It’s a story that may be familiar to many of us, that of bidding on an item in an online auction and discovering once we go to pick it up that we’ve bought a bit more than we’d bargained for. We told you earlier in the year about the trio of Brits who bought an IBM System/360 mainframe computer from the mid 1960s off of a seller in Germany, only to find in the long-abandoned machine room that they’d bought not just one but two 360s, and a System/370 to boot. Their van was nowhere near big enough for all three machines plus a mountain of cabling, documentation, and period storage media, so they moved it to a hastily-rented storage unit and returned home to work out what on earth to do next.
Now we’ve received an email from the trio with some good news; not only have they managed to bring their hoard of vintage big iron computing back home, but also they’ve found a home for it in the rather unusual surroundings of a former top-secret UK Government signals intelligence station. With the help of a friendly specialist IT relocation company they unleashed it from their temporary storage and into the truck for the UK. It’s a tale of careful packing and plenty of wrapped pallets, as we begin to glimpse the true extent of the collection as you can see in the video below the break, because not only have they secured all the hardware but they also have a huge quantity of punched cards and disk packs. The prospect of a software archaeology peek into how a 1960s mainframe was used by its original customer is a particularly interesting one, as it’s likely those media contain an ossified snapshot of its inner workings.
We’re hoping to follow this project as it evolves, and see (we hope) a room full of abandoned junk transformed into a facsimile of a typical 1960s business computing setup. If you’d like to catch up, read our original coverage of the find.
Continue reading “The Barn Find IBM 360 Comes Home”
Some of the best adventures in the world of hardware hacking start in the pub. For three volunteers at the National Museum Of Computing in the UK, [Adam Bradley], [Chris Blackburn], and [Peter Vaughan], theirs started over a pint with an eBay listing for an old computer in Germany. No problem you might think, we’re well used to international parcel shipping. This computer wasn’t a crusty old Commodore 64 though, instead it was a room-sized IBM System/360 Model 20 from the 1960s, complete with the full array of peripherals and what seemed to be a lot of documentation and software media. It would need a Mercedes Sprinter, a large van, to shift it, but that seemed feasible. With a bit of frantic bidding they secured the auction, and set off for Germany to view their purchase.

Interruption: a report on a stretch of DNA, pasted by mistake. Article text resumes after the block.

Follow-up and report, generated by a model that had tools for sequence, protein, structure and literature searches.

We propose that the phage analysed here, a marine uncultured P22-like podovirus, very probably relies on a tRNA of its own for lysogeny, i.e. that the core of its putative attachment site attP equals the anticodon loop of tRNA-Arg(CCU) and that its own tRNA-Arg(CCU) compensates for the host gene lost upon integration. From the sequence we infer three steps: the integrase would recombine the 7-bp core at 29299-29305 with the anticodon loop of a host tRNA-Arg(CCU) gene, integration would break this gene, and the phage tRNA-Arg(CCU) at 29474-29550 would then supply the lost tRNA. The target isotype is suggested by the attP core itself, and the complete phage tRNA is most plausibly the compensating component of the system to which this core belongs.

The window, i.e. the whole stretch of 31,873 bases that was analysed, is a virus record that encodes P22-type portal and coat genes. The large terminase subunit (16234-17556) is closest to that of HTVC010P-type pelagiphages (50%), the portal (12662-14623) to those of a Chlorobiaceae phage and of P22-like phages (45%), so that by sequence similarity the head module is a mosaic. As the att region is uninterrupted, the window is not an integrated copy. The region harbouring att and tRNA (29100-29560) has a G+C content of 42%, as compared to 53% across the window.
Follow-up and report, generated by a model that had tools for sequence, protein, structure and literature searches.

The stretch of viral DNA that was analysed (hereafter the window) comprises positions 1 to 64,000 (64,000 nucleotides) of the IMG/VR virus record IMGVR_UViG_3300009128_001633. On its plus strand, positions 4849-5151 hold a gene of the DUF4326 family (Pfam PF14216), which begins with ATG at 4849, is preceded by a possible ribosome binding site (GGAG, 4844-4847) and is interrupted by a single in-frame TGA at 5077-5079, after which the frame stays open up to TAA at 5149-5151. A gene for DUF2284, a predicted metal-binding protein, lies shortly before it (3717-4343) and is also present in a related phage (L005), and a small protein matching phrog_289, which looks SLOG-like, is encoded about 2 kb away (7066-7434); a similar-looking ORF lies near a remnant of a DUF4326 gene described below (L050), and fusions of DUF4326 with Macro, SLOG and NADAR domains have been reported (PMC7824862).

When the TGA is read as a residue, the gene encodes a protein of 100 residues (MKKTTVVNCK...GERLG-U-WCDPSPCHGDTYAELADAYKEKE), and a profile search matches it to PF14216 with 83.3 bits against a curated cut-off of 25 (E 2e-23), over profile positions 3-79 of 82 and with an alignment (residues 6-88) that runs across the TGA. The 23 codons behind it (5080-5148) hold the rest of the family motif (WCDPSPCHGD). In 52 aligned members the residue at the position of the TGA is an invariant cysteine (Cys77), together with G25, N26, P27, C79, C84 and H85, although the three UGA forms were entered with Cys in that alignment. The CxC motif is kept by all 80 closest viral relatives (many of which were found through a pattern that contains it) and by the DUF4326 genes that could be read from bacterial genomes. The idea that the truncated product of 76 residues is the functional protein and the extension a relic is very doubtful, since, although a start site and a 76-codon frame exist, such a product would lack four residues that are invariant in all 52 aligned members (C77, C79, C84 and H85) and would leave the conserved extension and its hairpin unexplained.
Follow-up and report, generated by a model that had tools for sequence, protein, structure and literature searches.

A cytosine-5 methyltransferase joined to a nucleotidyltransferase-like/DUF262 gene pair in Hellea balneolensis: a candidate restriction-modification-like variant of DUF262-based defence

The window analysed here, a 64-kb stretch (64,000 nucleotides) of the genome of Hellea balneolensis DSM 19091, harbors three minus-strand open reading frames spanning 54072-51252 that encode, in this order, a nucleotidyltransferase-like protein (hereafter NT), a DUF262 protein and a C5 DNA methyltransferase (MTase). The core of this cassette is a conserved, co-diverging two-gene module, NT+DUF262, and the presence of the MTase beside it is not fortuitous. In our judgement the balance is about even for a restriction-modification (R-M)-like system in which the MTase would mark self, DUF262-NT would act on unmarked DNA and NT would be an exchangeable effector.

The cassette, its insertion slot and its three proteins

Arriving at the machine’s location they found a little bit more than they had expected. In an abandoned building on a side street in Nuremburg there was an intact machine room full of the IBM computer cabinets over a false floor with all the machine cabling in place, and the only usable access was through a street door which hadn’t been opened in decades and which was obstructed by the false floor itself. To cap it all they found they’d bought not one but two System/360s, and also unexpectedly a 1970s System/370 Model 125. Clearly this was more than a job for a quick in-and-out with a Sprinter.
What followed became a lengthy saga of repeated trips, van hire, constructing ramps, and moving heavy computer parts to a hastily rented storage unit. Decabling a computer of this size is no easy task at the best of times, and these cables had spent many decades in a neglected machine room. It’s a fascinating read, and a very well-documented one with plenty of photos. The machines now sit in their storage units awaiting a return to the UK, and the trio are soliciting any help they can find to make that happen. So if you happen to own a European haulage company with spare capacity on your Germany — UK route or if you can help them in any way, donate or get in touch with them. We think this project has much more to offer, so we’ll be following their progress with interest.
These three intrepid computer hunters were brought together at The National Museum Of Computing at Bletchley, UK. If you find yourself within range it is an essential place to visit, we did so in 2016.